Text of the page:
Attaching Roof Purlins on Edge to Trusses
Reader MIKE in MOUNT VERNON writes:
“If your purlins sit on top of your trusses in the middle of your building do they sit on top of the gable truss also or are they on the side of the gable truss with hangers?”
Most ‘West Coast’ (I use this liberally as it extends east into Montana and Utah) pole barn (post frame) buildings utilize a prefabricated roof truss on each side of widely spaced interior columns (most often 10’ or 12’ on center). At every roof purlin location, a short 2×6 block (known as a paddle block) is placed between these two trusses. Block length is equal to roof truss top chord thickness plus roof purlin size. With a 2×6 top chord and a 2×6 roof purlin, block length is 11 inches.
Paddle blocks are held in place by driving nails through truss top chords, into block’s narrow (1-1/2 inch) edge. Generally builders will use as many as three 20d (four inch long) nails from each side.
If your first thought was, “this is a lot of very large nails into a very small block”, you are absolutely correct. More often than not, nails will split paddle blocks, if not immediately, splits will appear over time.
Once in place, roof purlins are located uphill from the block. Purlins stagger at each truss, with first purlin attached to paddle block with two to four nails, then a second purlin is nailed to first, with nails extending into block as well.
Now, as many as 14 nails will have been placed into a single block, pretty well guaranteeing the paddle block’s inevitable failure.
Besides an obvious problem of splitting a paddle block with numerous nails, there are some other issues caused by use of these blocks.
Post frame building eave height is measured from pressure preservative treated skirt board bottom, to roofing underside at sidewall column outside. This means interior clear height, is reduced by thickness of any concrete slab, roof truss end thickness (heel height) AND (when purlins go over truss tops), roof purlin height. Having roof purlins over truss tops, costs usable space inside of building.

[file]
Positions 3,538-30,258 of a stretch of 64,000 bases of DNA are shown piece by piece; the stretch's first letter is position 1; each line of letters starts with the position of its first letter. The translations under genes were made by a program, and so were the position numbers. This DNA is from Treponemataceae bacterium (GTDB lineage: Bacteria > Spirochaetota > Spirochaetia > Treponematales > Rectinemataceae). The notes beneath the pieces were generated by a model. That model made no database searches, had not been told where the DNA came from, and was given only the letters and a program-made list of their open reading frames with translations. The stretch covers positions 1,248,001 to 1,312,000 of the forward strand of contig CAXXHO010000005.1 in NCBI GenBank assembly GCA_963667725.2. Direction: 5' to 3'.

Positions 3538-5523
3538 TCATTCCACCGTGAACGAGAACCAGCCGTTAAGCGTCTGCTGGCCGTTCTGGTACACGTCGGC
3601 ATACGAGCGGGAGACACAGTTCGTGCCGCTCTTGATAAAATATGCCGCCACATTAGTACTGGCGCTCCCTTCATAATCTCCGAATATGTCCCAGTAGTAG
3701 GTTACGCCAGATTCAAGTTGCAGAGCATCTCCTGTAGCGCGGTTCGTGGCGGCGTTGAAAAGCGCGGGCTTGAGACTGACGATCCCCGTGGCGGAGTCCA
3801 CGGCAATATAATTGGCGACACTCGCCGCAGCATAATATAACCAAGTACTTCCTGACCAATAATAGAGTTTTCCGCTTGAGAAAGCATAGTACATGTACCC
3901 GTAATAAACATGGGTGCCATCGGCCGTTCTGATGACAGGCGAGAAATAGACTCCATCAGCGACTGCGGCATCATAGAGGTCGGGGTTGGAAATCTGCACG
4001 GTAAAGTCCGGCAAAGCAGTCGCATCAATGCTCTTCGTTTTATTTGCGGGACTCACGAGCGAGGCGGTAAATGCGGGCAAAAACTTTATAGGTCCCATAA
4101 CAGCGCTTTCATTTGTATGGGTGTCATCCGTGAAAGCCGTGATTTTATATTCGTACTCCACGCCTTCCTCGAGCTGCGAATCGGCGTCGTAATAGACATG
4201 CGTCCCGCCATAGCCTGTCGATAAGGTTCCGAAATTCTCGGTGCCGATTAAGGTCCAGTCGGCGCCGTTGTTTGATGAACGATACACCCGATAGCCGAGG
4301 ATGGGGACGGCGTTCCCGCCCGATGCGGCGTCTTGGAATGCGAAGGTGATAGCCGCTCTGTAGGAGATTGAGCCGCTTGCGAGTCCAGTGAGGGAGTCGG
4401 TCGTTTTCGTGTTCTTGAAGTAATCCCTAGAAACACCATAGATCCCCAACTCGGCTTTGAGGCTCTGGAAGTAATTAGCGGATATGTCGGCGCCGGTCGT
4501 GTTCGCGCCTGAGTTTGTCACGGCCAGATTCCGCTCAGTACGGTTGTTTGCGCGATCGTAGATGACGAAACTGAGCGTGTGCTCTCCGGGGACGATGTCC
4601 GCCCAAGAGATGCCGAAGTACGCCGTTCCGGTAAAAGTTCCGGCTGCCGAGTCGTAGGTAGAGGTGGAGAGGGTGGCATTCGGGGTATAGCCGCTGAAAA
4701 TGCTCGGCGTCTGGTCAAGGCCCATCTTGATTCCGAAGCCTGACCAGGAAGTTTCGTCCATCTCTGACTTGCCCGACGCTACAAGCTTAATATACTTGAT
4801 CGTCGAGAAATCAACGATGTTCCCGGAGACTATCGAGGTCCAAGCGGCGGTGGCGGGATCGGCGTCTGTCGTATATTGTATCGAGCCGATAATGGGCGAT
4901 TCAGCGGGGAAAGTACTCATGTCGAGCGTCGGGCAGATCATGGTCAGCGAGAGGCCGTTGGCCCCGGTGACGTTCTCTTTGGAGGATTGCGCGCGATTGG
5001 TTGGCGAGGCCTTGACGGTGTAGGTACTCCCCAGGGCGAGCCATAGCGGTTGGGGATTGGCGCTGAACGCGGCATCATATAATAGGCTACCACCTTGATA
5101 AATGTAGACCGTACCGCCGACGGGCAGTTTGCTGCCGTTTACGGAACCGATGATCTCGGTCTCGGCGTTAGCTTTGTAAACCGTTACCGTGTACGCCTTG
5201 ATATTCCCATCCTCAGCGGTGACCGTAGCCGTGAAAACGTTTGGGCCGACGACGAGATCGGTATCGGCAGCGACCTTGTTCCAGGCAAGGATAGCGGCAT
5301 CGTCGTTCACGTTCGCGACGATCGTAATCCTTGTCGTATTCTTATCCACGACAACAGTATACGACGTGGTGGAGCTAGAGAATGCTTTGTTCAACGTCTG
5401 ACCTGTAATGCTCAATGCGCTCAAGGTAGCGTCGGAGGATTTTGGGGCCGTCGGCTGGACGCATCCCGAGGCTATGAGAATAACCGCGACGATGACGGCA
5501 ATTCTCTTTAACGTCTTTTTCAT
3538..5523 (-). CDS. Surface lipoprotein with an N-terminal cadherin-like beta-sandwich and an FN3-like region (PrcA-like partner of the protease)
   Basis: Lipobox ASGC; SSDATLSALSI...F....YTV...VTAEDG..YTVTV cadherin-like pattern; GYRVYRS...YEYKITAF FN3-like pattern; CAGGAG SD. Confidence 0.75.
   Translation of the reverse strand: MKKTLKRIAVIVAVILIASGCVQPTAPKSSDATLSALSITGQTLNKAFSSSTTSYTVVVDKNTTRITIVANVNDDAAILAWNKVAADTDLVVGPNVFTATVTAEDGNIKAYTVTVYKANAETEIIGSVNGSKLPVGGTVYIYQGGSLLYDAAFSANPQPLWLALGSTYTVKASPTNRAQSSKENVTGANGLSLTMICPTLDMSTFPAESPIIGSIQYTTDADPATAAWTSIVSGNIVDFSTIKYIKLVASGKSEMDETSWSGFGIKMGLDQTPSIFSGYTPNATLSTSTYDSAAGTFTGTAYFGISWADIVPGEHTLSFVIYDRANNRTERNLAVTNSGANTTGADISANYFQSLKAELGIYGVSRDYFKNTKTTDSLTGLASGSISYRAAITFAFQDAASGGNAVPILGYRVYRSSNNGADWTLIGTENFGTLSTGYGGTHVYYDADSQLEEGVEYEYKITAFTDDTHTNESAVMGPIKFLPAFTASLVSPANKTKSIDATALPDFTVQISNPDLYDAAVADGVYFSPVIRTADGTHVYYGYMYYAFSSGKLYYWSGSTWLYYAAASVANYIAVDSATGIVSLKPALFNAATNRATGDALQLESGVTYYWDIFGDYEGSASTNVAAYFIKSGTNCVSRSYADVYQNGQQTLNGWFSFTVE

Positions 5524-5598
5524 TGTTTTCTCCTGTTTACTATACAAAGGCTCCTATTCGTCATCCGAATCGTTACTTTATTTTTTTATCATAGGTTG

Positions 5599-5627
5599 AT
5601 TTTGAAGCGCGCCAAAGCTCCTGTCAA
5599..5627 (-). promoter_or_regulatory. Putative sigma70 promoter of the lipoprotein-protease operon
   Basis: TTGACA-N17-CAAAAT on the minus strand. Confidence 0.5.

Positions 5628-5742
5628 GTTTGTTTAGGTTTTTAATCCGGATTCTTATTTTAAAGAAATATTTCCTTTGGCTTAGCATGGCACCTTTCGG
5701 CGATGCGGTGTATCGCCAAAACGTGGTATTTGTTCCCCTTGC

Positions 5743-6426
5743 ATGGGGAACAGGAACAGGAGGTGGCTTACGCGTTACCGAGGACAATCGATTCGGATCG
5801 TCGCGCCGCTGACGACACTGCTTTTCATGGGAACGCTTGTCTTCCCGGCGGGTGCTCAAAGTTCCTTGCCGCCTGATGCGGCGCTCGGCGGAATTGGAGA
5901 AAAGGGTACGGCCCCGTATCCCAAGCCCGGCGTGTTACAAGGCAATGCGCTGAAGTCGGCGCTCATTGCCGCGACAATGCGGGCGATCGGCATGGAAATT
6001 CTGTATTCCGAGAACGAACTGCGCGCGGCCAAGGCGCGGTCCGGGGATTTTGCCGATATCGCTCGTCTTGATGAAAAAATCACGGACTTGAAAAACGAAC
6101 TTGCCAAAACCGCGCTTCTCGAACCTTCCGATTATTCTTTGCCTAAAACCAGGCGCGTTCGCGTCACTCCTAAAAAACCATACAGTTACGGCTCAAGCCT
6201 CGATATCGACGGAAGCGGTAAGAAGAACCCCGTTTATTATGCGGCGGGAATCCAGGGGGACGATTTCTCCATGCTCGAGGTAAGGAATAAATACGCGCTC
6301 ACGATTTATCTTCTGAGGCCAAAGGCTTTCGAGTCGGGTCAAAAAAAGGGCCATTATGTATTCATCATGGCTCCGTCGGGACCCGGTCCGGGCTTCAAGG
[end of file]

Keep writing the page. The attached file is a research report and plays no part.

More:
When using a structural design, where roof purlins overlap at each truss, roof steel cannot be pre-drilled. Pre-drilling has many benefits – perfectly straight screw lines and it makes it obvious to installers when a screw misses a roof purlin. With staggered roof purlins, all too often a leak occurs when this 1-1/2” offset at overlaps is not accounted for.
In paddle block scenarios, prefabricated roof trusses are spaced apart by 5-1/2 inches. Even though there are two trusses per column, they are not physically joined to each other. Paddle blocks are not creating a load transfer. As trusses do not load share, under extreme snow load conditions, weaker of these two trusses can fail, creating a collapse. When trusses are properly nailed together (face-to-face without paddle blocks), loads are carried by both truss pair members.
In your scenario, if (big IF) I was going to put purlins over top of interior (middle of your building) trusses, I would want to joist hang them into the side of end trusses, unless an end overhang was present.